This year, we at Holy Cross are giving up God for Lent. Letting go of our carefully crafted and tightly held images of the ONE who IS the SOURCE of ALL BEING is a daunting task. To aid us on our journey, we have decided to radically alter the way we worship together. It is a scary proposition for a pastor to venture out on a journey without the familiar trappings of familiar liturgy.  Gone are the vestments, the prescribed lectionary readings, and the familiar words.  The sermon is broken up into three short homilies. There are flowers in the sanctuary during Lent! The congregation is encouraged to move around the sanctuary. You can peruse my notes for the service in the pdf of my missal here. You can also watch the videos of the homilies – our videorgrapher is enjoying the Family Day weekend – so my head is missing from the first parts but thanks to a volunteer’s intervention my head is restored in the third video. It was quite a beginning to what promises to be an exciting journey.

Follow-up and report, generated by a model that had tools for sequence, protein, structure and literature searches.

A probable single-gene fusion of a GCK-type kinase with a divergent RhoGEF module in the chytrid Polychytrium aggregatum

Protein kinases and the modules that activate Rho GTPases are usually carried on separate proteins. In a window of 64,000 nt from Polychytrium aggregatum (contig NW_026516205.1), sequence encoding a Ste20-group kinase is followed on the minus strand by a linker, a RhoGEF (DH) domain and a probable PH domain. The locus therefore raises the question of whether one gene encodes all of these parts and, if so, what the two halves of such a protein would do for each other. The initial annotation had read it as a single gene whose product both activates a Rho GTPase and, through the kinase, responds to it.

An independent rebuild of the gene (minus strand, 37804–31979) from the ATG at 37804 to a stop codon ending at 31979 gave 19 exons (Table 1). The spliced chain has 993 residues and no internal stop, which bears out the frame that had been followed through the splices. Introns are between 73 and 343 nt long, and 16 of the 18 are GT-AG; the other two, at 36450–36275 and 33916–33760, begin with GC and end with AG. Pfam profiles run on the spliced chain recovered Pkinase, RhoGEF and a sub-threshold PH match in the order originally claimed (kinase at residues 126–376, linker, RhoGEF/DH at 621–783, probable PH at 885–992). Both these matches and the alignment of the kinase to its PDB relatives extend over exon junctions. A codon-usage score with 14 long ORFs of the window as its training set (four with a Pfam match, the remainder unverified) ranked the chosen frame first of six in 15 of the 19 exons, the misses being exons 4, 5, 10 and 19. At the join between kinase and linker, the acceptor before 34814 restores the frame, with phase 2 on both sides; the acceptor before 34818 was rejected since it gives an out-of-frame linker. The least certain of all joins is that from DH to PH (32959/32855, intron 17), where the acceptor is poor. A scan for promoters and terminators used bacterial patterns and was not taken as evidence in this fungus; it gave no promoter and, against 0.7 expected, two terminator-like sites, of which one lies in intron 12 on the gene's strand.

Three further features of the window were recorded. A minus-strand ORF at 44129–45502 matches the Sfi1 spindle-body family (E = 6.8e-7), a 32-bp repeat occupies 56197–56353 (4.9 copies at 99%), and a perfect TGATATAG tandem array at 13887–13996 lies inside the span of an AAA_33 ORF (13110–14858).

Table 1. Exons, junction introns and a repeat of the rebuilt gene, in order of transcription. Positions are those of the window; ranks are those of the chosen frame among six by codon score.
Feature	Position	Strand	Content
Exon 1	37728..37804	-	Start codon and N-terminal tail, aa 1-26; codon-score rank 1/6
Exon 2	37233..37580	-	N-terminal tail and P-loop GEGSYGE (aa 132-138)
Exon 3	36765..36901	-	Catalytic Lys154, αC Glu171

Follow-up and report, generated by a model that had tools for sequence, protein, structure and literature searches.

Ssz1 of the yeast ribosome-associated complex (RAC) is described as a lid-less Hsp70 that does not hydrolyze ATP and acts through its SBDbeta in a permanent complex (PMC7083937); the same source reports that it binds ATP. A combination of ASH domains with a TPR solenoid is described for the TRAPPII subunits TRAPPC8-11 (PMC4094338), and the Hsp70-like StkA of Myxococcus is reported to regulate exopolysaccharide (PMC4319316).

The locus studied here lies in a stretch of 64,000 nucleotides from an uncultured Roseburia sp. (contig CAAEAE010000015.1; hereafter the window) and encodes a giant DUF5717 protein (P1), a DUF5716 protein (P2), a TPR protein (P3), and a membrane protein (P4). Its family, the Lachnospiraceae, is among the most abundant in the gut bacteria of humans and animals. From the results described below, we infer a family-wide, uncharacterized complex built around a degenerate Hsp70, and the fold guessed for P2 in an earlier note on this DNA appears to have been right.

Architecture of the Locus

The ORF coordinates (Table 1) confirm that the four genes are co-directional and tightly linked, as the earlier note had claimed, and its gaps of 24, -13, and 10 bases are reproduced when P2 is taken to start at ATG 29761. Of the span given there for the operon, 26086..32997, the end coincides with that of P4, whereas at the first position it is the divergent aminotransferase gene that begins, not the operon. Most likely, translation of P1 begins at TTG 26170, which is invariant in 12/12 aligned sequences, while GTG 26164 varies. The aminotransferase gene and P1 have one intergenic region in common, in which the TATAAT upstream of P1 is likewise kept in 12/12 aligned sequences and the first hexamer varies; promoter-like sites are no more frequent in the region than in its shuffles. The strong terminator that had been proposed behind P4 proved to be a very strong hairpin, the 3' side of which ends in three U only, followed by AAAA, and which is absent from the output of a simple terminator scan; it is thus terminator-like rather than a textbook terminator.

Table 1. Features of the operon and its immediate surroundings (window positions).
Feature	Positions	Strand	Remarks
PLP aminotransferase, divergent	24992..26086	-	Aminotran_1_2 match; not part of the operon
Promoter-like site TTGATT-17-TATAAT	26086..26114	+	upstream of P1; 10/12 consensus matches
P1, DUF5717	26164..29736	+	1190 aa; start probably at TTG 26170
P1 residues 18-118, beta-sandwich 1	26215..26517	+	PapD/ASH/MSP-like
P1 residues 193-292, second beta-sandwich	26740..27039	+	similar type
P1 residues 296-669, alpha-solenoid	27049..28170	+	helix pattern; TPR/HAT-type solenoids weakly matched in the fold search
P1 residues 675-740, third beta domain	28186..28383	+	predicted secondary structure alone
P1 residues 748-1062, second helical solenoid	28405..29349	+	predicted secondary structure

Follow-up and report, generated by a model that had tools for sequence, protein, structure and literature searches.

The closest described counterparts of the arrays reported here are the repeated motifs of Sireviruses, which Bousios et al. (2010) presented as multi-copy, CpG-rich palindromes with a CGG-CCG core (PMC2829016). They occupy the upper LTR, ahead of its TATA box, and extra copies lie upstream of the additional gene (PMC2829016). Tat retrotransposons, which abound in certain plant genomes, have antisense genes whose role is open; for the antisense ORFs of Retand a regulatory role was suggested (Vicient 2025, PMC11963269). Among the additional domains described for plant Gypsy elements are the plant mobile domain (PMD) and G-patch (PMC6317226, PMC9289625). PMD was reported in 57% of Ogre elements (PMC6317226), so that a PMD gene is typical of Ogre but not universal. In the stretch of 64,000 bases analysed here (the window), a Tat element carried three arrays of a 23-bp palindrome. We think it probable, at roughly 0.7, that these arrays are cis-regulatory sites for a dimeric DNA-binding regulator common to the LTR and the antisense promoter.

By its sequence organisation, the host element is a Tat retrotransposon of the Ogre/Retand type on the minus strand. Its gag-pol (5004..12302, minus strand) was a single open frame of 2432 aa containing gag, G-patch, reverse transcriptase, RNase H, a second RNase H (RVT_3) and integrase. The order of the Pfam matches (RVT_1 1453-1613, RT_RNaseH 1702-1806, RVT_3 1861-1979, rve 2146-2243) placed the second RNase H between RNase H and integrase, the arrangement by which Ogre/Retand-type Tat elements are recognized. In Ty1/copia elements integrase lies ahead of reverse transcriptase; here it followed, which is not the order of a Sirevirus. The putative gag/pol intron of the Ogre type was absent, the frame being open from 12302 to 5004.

Lent: Letting Go of our Tightly Held Piety to See Our Need of Confession

JOHN OF THE CROSS as
Little Crystal was only two and a half years old when she got hopelessly stuck.
 And when she got stuck she did what all small children do, when they have gotten themselves into a situation that the can’t get out of, little Crystal cried for help. She went into her mother’s study, holding in one hand a family treasure and her other hand couldn’t be seen.  Crystal cried out, “Mommy I’m stuck”. Her unseen hand was stuck inside her great-grandmother’s vase.  The precious vase had been handed down from her great-grandmother to her grandmother, to her mother. Crystal had always been told that one day the magnificent vase would be hers.